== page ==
It’s hardly surprising that MPs voted with such relish to ask its powerful Standards and Privileges committee to investigate the phone-hacking scandal that has dominated politics in the last week. Many politicians are outraged that investigative journalists may have hacked into their phone messages and suspect that the police knew about it without telling them.

After the huge damage caused to politicians’ reputations by the expenses scandal, brought to light by a press leak, some MPs see this as opportunity to fight back. Is tabloid investigative journalism on balance a force for good or ill and are its methods justified or not?

The new preoccupation with phone-hacking is the result of an old story gaining new legs. The old story goes back to 2007 when the News of the World’s royal editor, Clive Goodman and a private investigator, Glenn Mulcaire, were jailed for conspiracy to access phone messages left for royal aides. It’s believed they had been snooping especially on princes William and Harry.

At the time there was considerable suspicion that the practice of phone-hacking was much more widespread but the paper, and its editor, Andy Coulson, claimed it had been a one-off breach of the law which they neither knew about nor condoned. Mr. Coulson took responsibility, however, and resigned. Later he became media adviser to David Cameron and is now in charge of communications at 10, Downing Street.

Former News of the World editor Andy Coulson

'Endemic' phone-tapping

The new legs were provided to the old story by the New York Times, which published a story earlier this month, in which a former News of the World employee, Sean Hoare, claimed that the practice of phone-tapping had been ‘endemic’ on the paper and that he had been personally requested by Mr. Coulson to engage in it. The News of the World repeated its denial of the charge, claiming that Mr Hoare was disgruntled for having lost his job.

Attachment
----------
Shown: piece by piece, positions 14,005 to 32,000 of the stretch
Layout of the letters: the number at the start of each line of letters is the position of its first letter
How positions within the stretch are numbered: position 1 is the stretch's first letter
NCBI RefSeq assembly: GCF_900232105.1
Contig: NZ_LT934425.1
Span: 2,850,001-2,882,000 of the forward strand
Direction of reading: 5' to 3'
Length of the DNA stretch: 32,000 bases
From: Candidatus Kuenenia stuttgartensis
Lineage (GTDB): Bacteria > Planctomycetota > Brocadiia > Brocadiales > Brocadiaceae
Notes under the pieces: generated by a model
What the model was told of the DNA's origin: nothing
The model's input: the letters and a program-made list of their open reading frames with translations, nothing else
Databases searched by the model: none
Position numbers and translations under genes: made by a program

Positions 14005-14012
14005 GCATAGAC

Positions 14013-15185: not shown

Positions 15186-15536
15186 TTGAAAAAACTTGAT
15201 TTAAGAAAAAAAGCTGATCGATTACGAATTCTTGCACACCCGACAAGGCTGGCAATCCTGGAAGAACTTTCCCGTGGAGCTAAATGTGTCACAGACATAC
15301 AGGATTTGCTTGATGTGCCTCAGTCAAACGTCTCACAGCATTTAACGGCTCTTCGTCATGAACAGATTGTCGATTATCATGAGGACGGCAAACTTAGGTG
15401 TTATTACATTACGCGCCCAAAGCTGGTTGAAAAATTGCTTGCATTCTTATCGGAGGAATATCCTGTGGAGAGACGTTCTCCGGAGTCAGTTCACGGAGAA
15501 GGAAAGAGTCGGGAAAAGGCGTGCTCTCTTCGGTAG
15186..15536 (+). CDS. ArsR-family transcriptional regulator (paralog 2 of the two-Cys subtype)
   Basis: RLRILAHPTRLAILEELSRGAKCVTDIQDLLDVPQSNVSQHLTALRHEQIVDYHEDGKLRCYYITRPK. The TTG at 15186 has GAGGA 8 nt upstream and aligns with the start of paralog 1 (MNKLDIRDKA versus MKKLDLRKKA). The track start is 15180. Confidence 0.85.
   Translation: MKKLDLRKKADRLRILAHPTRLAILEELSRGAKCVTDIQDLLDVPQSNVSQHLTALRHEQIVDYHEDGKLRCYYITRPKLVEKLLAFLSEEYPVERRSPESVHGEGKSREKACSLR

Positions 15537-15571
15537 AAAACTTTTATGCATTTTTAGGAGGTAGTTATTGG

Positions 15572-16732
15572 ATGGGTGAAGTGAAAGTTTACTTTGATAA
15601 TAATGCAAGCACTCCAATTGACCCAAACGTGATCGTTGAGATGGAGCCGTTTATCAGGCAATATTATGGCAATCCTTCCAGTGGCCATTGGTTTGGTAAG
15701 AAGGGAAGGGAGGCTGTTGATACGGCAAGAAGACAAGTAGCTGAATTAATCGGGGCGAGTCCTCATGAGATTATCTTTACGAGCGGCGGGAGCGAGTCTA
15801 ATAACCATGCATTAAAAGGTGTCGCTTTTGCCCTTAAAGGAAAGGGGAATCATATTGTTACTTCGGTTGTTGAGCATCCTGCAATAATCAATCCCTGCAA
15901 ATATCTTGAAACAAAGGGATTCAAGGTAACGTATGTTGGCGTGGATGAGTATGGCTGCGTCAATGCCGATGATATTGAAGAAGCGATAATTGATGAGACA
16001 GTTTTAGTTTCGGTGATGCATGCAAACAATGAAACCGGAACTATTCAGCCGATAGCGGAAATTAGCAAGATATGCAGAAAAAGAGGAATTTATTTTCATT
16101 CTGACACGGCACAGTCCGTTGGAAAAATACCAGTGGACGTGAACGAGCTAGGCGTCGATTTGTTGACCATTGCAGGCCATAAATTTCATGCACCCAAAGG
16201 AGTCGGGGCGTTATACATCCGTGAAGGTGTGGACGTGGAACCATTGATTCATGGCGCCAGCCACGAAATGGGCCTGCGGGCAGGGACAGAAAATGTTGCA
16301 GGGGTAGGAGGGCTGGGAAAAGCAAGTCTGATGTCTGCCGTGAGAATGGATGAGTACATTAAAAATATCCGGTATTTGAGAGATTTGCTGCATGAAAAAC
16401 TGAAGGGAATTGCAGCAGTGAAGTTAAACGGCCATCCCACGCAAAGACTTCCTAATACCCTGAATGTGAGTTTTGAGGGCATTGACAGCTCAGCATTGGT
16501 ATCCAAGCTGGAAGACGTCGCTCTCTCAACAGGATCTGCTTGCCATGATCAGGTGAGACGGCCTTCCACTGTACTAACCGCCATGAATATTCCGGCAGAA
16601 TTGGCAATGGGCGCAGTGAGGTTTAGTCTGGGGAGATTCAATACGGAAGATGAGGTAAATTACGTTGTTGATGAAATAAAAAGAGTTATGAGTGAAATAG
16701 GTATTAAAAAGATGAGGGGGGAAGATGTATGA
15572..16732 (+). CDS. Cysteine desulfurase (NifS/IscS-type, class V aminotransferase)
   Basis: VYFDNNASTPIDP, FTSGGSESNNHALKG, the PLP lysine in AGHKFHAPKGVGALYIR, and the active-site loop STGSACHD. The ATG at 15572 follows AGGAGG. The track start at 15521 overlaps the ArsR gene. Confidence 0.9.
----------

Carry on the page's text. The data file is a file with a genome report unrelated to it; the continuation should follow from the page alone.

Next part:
But the New York Times story revived claims made in 2009 by The Guardian that the News of the World had been engaged in hacking into the phones of several thousand celebrities, politicians and sports stars. The Guardian said it had evidence that the owners of the News of the World, News Group Newspapers, part of Rupert Murdoch’s News International – had paid £1m to settle legal cases in order to stop evidence of illegal phone-hacking coming to light.

The police, however, decided there was insufficient evidence to pursue a new investigation. Some politicians have subsequently claimed that an unhealthily close relation between the police and the News of the World lies behind the decision, something the police strongly deny. The Metropolitan Commissioner’s assistant commissioner, John Yates, has, however, now said it will examine the claims of Mr Hoare.

Phone-hacking has been illegal since 2000. Some investigative journalists argue that not only was it common practice but that it was justifiable. Paul McMullan, another former News of the World journalist, who has said that Mr. Coulson 'would have known, as an experienced journalist, that phone-hacking was something people did', claims that it should be regarded as a minor but necessary evil when journalists are investigating the activities of powerful and dangerous criminals, such as drug barons. Against the sort of threats and dangers he faced in trying to do his job, he thinks phone-hacking is a trivial crime.

Whatever the merits of that claim, many would say there is a world of difference between hacking into the phones of dangerous criminals and targeting politicians, celebrities and sports stars, who provide much of the material tabloid newspapers write about.